Biggest Challenges for Brokerages
August 22, 2017
On Tuesday, the National Association of REALTORS®’ “2017 Profile of Real Estate Firms” was released, highlighting the most challenging aspects for brokerages this year. These include keeping up with technology, maintaining sufficient inventory, and competing with nontraditional participants.
The majority of the firms surveyed have an optimistic outlook for the real estate industry overall, but they do foresee several headwinds ahead that could limit their growth.
Ninety percent of real estate firms expect net income to increase or remain the same over the next year, according to NAR’s survey, which is based on a survey of more than 6,000 firm executives who are NAR members.
However, “for the second year in a row, low inventory and high prices have led to a slight decrease in real estate firms’ sales volume,” says NAR President William E. Brown.
Fifty-percent of real estate firms expect competition to increase over the next year from nontraditional market participants, which is up from 43 percent in 2016. Half of the surveyed firms expect competition to increase from virtual firms. Only 15 percent of respondents expect competition to increase from traditional brick-and-mortar firms, the survey shows.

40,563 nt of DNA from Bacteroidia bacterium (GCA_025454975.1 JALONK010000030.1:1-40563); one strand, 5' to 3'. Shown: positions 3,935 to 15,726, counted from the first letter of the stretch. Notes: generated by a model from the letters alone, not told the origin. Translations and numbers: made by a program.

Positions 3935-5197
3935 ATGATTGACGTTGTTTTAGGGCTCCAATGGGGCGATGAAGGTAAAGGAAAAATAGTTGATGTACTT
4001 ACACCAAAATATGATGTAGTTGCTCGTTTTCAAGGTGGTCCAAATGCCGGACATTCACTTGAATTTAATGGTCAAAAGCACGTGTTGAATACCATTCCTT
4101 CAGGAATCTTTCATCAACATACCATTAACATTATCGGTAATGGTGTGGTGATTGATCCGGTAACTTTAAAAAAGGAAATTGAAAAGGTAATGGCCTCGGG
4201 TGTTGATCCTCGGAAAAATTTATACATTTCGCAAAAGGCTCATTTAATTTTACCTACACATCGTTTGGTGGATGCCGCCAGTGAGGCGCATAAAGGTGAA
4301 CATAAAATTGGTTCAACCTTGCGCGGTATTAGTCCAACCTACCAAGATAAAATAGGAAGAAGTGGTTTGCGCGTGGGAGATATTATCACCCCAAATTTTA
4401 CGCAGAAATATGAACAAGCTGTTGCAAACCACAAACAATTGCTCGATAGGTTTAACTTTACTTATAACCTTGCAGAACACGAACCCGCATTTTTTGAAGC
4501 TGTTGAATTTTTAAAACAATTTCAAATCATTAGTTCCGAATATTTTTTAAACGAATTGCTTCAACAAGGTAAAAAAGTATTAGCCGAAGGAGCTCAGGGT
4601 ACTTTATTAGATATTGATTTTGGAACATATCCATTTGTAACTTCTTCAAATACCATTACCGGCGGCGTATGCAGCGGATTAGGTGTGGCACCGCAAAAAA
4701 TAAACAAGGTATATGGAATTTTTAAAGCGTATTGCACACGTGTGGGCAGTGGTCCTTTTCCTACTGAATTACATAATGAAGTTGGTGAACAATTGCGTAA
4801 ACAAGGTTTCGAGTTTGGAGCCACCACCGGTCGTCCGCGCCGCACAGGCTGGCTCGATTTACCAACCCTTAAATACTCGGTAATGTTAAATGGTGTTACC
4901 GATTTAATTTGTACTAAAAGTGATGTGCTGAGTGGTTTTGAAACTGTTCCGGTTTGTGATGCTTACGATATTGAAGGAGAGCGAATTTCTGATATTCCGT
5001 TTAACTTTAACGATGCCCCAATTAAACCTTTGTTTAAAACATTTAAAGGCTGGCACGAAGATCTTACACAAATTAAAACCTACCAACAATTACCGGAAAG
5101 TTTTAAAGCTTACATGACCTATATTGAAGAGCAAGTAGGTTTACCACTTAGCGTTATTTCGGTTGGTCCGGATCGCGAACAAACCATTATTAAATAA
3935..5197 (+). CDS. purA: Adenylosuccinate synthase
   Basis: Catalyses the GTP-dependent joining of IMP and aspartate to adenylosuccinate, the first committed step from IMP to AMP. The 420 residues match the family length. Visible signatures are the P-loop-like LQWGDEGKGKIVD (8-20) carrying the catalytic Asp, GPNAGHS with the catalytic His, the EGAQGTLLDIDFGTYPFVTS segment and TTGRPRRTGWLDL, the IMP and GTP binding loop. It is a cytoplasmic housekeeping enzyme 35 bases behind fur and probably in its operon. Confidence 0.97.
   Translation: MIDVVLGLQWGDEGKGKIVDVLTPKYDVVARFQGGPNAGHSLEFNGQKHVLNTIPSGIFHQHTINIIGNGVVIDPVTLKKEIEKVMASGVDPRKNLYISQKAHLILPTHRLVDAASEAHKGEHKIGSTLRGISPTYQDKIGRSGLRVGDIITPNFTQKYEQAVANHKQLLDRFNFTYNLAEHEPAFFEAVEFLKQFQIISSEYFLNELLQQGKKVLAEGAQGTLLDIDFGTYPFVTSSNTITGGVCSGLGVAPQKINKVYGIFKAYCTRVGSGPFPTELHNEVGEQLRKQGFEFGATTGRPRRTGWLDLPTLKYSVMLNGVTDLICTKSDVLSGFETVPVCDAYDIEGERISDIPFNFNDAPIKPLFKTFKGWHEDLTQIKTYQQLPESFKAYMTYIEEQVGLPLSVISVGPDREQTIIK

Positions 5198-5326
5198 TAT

“There is no doubt that the real estate industry is rapidly changing, and with it comes growing competition,” says NAR CEO Bob Goldberg. “To stay ahead of this evolution and succeed in a more competitive market, NAR is establishing a new Strategic Business and Technology group to focus on business and technology solutions that ensure the role of the REALTOR® is essential to the consumer.”
A Closer Look at Profitability
Residential and commercial firms are optimistic about profitability over the next year.
Sixty-two percent of residential real estate firms surveyed expect profitability to improve. Also, 60 percent of commercial firms expect profitability from all real estate activities to increase over the next year.
The average residential real estate firm’s brokerage sales volume totaled $6.2 million in 2016, which is down from $6.3 million in 2015. The typical commercial real estate firm’s brokerage sales volume netted $4 million in 2016, down from $4.5 million in 2015.
Not surprisingly, the size of the firm has an impact on sales volume. Firms with only one office—typically with two full-time licensed agents—had a median brokerage sales volume of $4.3 million in 2016. On the other hand, larger firms—those with four or more offices with usually 81 full-time licensed agents—had a median brokerage sales volume of $235 million in 2016.
Updated: April 07, 2020